Juliette was born with a touch that can kill, and struggles throughout the whole book mentally whether that makes her monster or a savior for the weak. She has to deal with the guilt that weighs her down because she has taken a the life of a little boy by accident in the past. Even though it was an accident, the main character can’t get over the fact that she has taken numerous lives. Juliette has two options to resolve this conflict. One option is to let it forever weigh her down, limiting her options of action through the book, putting her life in danger.
After reading the novel The Secret Life of Bees, it would be easy to think that the main theme is discrimination or family, but in reality it is actually focused on the toll that mental illness takes on a family. The protagonist of this novel, Lily Owens, has always had a troublesome life. Both her parents, Terrence Owens, also known as T. Ray, and Deborah Fontanel are ridden with illness, sadly caused from each other. Lily also meets a new family in this novel after running away from her cruel father who abuses her. This family is also dealing with mental illness.
John had made the mistake of sleeping with, a teenage girl, Abigail Williams. What John did cause pain to his wife Elizabeth; his affair caused the loving couple to break farther apart. A love that John missed Church to home and nurse his wife back to health instead. John is falsely accused of being a witch and is brought to prison. The distressed caused by being in prison is too much for John that he cannot think clearly.
This lead to him thinking everything was perfect and heading off to war, leaving Daisy behind. When he returned, he still had the same dream that he had once accomplished, but it had become unrealistic because Daisy was married. Gatsby’s dream began to cloud his reality and he didn’t give up on it. Despite it being unreachable, Gatsby’s dream continued to be very important to him, as he felt “that if he had searched harder, he might have found her” (152-153). He didn’t know how to win Daisy over, but that didn’t stop him from trying and searching.
Also, another hyperbolic situation in this book is when the three suicides occur in one day. Such uses of hyperbole make an impact by leading the reader to grow personally as they will feel distressed, deceived , and sympathy. A proper burial is all that Antigone wants for her brother. Due to her actions of trying to bury Polyneices against the king's order, she is sentenced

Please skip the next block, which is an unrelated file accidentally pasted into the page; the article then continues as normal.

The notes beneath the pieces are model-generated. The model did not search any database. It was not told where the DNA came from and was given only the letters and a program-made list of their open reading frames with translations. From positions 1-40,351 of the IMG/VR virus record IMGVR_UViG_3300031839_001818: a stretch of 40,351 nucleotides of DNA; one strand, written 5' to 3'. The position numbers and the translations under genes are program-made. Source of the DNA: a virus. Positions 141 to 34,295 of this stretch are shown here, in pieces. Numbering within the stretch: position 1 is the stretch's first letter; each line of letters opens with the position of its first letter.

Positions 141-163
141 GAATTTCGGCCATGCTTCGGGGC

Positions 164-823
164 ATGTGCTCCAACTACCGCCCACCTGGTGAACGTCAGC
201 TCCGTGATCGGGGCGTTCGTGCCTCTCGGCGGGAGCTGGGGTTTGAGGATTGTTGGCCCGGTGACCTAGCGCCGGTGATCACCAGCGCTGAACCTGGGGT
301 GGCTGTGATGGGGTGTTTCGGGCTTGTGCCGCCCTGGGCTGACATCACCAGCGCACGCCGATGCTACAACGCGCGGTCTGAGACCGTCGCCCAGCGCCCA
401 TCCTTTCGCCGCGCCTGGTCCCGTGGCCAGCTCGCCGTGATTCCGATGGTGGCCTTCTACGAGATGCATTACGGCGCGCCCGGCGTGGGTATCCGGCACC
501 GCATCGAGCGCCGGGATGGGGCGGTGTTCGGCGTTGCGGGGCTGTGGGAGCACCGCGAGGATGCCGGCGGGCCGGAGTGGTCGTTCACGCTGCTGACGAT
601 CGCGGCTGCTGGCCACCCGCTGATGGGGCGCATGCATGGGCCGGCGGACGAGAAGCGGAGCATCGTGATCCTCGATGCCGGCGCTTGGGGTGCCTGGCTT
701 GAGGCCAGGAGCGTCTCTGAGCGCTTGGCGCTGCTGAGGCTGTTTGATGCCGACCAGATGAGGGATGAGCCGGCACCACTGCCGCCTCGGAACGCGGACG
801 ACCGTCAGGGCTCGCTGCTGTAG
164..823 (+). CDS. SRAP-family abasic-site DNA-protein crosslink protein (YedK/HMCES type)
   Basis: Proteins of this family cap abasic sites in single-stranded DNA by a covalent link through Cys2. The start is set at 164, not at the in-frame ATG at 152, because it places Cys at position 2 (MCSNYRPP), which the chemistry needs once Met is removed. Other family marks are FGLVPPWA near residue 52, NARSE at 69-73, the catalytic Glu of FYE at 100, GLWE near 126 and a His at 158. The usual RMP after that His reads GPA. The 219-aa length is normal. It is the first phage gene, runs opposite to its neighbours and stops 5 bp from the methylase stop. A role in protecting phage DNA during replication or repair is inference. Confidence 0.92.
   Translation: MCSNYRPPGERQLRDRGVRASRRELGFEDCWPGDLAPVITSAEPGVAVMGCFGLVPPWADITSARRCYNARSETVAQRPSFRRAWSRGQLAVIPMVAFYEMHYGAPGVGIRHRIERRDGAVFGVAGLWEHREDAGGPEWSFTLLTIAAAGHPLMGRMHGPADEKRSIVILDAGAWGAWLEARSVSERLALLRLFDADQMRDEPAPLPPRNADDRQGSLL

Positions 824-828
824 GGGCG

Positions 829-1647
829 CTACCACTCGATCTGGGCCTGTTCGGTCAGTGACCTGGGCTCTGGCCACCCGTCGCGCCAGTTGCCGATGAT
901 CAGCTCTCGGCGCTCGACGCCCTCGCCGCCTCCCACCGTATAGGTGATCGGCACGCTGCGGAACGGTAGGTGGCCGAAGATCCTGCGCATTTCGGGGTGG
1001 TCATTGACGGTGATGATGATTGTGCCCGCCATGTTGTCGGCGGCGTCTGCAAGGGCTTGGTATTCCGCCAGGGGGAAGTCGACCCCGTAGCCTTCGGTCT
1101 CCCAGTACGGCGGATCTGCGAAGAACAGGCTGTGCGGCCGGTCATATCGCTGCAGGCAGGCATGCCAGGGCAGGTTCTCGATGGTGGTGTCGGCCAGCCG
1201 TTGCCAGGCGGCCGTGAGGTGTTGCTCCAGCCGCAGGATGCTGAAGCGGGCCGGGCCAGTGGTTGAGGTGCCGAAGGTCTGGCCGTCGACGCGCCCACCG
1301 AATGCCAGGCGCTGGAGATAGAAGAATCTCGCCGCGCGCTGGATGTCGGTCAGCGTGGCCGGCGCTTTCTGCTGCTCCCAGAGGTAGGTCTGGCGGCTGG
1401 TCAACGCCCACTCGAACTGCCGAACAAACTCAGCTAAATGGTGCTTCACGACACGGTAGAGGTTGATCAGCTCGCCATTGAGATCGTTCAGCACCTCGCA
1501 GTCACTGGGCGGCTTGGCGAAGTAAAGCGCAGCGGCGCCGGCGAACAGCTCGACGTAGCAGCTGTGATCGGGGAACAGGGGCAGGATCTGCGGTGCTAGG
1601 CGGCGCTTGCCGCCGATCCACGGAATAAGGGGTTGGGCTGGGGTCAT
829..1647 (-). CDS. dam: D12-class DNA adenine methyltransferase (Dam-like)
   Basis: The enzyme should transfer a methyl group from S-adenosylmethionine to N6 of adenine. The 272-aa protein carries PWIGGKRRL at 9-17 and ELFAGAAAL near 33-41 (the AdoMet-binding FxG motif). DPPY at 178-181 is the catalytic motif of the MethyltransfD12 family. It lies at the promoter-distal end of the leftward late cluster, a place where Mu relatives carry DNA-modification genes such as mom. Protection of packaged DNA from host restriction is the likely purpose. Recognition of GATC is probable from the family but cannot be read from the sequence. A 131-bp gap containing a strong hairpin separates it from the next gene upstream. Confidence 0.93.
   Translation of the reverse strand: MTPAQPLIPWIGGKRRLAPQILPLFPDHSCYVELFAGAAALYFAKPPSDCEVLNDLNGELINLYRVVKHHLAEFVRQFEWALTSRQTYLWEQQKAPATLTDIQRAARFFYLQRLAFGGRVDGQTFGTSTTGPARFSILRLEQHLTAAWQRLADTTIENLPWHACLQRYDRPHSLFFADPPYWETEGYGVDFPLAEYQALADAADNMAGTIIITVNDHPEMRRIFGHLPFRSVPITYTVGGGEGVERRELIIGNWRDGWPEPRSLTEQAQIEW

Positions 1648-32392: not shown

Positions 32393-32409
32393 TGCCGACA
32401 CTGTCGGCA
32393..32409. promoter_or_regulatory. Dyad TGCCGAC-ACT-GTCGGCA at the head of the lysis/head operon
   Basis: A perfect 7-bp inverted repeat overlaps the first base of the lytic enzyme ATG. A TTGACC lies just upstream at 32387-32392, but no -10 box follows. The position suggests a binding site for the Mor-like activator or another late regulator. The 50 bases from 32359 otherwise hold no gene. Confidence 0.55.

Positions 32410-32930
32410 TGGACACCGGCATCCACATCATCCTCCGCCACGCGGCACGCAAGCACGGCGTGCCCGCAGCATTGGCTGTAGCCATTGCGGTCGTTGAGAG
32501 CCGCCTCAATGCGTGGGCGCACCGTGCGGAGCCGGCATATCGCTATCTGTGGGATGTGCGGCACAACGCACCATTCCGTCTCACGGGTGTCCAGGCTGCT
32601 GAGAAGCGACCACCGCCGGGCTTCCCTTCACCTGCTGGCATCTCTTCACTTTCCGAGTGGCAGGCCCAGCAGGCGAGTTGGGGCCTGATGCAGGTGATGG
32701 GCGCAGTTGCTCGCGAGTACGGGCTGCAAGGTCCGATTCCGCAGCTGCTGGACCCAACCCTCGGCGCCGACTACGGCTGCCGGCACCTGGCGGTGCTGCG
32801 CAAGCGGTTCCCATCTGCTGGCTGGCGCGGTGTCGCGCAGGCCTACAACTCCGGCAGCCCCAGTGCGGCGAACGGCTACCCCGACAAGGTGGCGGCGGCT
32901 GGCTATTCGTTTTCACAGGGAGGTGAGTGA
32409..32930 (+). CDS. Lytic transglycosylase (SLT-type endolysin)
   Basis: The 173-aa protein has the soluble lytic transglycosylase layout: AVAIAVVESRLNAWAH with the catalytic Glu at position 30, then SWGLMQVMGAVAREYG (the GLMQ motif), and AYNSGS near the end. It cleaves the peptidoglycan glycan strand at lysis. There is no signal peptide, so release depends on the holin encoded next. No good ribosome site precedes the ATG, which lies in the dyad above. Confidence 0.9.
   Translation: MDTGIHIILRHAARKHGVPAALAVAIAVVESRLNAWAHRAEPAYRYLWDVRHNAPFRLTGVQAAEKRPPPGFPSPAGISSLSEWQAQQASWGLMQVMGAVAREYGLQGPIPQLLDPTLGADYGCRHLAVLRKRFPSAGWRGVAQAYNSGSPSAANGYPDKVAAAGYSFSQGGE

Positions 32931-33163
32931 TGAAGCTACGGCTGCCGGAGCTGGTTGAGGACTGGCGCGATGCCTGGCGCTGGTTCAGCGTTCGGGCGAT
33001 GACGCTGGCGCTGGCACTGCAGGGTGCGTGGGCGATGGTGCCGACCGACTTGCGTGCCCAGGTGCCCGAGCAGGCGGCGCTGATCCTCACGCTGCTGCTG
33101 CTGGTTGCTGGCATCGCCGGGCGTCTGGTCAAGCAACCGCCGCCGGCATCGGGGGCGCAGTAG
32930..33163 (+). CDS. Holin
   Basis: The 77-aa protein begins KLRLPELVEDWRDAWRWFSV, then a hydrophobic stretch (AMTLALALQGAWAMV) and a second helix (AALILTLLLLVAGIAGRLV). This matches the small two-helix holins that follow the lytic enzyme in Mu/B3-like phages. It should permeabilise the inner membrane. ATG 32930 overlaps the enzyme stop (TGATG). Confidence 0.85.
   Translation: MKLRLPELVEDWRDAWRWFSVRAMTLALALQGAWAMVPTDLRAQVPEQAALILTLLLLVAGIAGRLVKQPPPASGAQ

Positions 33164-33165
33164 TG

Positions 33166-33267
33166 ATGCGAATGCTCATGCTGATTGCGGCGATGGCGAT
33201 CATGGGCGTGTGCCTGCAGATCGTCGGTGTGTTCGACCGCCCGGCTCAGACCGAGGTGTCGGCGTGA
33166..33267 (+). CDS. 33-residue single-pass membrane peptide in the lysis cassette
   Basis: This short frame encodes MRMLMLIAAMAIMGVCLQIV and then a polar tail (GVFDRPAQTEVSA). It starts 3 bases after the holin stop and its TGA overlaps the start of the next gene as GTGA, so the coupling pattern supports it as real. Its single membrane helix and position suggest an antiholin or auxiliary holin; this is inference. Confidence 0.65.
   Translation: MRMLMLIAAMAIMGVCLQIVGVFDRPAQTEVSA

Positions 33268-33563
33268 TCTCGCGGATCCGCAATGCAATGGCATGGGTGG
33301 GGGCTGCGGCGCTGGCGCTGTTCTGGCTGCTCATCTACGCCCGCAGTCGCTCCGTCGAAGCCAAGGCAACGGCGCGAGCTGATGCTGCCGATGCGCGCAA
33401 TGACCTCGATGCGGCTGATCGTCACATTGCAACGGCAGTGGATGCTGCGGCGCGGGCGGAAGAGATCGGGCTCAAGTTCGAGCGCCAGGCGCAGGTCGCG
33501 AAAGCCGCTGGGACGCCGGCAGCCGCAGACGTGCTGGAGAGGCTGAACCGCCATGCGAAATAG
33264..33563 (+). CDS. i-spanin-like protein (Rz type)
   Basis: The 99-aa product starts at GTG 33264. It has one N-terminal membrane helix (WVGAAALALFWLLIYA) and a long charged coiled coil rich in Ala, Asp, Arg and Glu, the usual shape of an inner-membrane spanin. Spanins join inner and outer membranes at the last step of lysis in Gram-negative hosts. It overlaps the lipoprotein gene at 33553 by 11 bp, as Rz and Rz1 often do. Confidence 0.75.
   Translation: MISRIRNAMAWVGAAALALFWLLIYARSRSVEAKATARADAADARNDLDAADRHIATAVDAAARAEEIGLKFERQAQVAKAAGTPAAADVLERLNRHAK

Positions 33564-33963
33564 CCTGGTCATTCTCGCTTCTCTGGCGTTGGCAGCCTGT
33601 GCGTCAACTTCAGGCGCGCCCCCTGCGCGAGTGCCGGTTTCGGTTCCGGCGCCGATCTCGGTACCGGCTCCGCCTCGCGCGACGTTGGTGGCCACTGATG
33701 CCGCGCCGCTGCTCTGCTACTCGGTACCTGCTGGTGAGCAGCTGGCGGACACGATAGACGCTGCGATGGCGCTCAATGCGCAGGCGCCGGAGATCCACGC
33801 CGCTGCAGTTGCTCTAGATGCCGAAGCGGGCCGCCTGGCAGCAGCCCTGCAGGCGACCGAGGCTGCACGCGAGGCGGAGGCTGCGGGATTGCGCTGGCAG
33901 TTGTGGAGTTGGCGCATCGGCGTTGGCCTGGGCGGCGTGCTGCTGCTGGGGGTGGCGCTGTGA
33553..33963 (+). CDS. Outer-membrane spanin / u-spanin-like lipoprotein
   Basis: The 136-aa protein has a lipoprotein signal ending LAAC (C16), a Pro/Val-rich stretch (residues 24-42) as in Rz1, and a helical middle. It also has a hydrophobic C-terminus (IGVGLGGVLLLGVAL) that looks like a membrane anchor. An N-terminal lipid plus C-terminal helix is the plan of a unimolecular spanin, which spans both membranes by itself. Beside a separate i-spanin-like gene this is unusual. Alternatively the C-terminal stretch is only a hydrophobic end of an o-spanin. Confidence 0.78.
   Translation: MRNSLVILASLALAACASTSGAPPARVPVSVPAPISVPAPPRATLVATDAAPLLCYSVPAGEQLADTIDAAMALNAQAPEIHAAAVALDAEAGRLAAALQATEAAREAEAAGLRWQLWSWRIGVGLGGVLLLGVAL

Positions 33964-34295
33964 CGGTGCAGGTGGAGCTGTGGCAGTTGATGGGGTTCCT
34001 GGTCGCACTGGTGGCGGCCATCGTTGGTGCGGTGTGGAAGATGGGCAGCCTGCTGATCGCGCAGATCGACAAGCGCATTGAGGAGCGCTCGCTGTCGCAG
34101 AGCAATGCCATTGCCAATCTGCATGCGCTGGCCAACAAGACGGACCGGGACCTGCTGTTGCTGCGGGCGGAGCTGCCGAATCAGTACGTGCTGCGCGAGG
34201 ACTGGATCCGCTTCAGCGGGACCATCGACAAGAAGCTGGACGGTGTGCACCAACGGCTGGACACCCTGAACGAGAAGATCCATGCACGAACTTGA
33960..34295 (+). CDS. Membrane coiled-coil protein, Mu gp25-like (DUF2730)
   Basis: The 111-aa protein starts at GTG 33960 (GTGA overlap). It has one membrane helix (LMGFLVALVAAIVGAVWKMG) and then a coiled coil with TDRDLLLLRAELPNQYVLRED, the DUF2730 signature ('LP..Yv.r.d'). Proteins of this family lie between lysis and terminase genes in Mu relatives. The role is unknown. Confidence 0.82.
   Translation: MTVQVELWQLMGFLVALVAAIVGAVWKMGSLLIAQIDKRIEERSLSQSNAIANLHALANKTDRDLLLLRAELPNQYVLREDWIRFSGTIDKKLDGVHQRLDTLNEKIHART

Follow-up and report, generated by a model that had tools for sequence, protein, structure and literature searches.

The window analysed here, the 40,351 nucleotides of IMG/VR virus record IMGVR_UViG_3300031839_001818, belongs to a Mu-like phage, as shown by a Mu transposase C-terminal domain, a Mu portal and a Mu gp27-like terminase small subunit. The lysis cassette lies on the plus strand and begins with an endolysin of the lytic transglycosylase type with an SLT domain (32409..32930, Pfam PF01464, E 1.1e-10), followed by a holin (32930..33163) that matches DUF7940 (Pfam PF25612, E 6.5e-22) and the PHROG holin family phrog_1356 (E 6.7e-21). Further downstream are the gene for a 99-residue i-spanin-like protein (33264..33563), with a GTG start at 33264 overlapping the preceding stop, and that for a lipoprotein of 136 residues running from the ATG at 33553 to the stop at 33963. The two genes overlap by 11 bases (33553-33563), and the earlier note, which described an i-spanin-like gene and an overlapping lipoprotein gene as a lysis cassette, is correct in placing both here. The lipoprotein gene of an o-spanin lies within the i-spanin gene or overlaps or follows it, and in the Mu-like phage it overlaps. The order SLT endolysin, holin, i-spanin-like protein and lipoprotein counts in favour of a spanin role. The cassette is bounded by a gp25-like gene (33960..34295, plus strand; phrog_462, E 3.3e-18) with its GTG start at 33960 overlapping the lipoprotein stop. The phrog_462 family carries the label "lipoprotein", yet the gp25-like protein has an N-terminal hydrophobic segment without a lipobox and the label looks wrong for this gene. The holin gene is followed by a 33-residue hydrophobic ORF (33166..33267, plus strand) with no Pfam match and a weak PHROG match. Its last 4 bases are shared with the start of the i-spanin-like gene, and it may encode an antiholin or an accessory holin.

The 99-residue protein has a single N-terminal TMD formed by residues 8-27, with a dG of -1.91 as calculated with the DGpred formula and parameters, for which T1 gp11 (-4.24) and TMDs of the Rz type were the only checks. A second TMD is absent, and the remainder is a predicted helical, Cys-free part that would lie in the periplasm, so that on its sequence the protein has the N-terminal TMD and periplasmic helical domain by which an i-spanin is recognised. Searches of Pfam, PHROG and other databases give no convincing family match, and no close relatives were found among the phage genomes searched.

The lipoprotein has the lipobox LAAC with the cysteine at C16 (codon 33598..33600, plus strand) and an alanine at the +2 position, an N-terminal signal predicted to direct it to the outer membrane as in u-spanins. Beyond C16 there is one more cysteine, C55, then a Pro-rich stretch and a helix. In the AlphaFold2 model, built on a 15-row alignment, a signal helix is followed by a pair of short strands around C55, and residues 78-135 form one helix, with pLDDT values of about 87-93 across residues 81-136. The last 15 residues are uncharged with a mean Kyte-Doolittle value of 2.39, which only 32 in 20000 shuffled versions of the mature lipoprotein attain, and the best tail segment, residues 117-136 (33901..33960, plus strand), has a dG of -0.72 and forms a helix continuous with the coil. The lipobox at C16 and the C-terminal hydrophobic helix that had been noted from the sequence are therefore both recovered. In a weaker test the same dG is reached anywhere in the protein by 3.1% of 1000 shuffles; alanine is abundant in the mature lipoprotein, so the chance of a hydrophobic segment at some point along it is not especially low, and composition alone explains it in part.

He believes that that is what he wants to do in the future as he tells his little sister, Phoebe. Phoebe is a child and she is innocent. Holden wants to keep Phoebe innocent because his older brother prostituted himself to Hollywood, the place full of phonies. Holden does not want children to lose their innocence so soon, but he realizes that he cannot save them
Ally carter’s novel “All Fall Down” displays the conflict of human vs self. The chosen conflict was human vs self because she is trying to overcome her self-doubts about whether her mother was actually murdered or if it was nothing but an accident like everybody constantly tells her. The conflict of human vs self was demonstrated all throughout the story more specifically after the ball when she first sees the Scarred Man. In this part of the
Jonas and The Giver are talking about how there can’t be twins in the community; “The Giver's face took on a solemn look. "I wish they wouldn't do that," he said quietly, almost to himself. "Well, they can't have two identical people around! Think how confusing it would be!" Jonas chuckled.” (146) The community releases the lighter twin of the set because it would be too confusing to have two identical people around and that would make it hard for the people.
Both Conversion and the Crucible’s themes center around the downfall of a community due to misinformation spread throughout the group. By spreading rumors and accusing other members of the community, the characters of each novel begin a hysteria of allegations and convictions. Colleen and her friends who attend St. Joan’s The girls at St. Joan’s begin to witness a series of strange events happening to the girls at their school. Beginning with popular and wealthy Clara Rutherford, many of the girls contract an odd stress disease called conversion disorder. The disease turns into a frenzy when girls randomly begin developing the same symptoms such as hair loss and mental outbreaks.
Not only has Abigail’s infatuation impacted John and Elizabeth Proctor’s lives, but it has also altered the lives and view of every citizen in Salem. Abigail failed her crucible and her failure influenced the lives of everyone she knew, sometimes even to the point of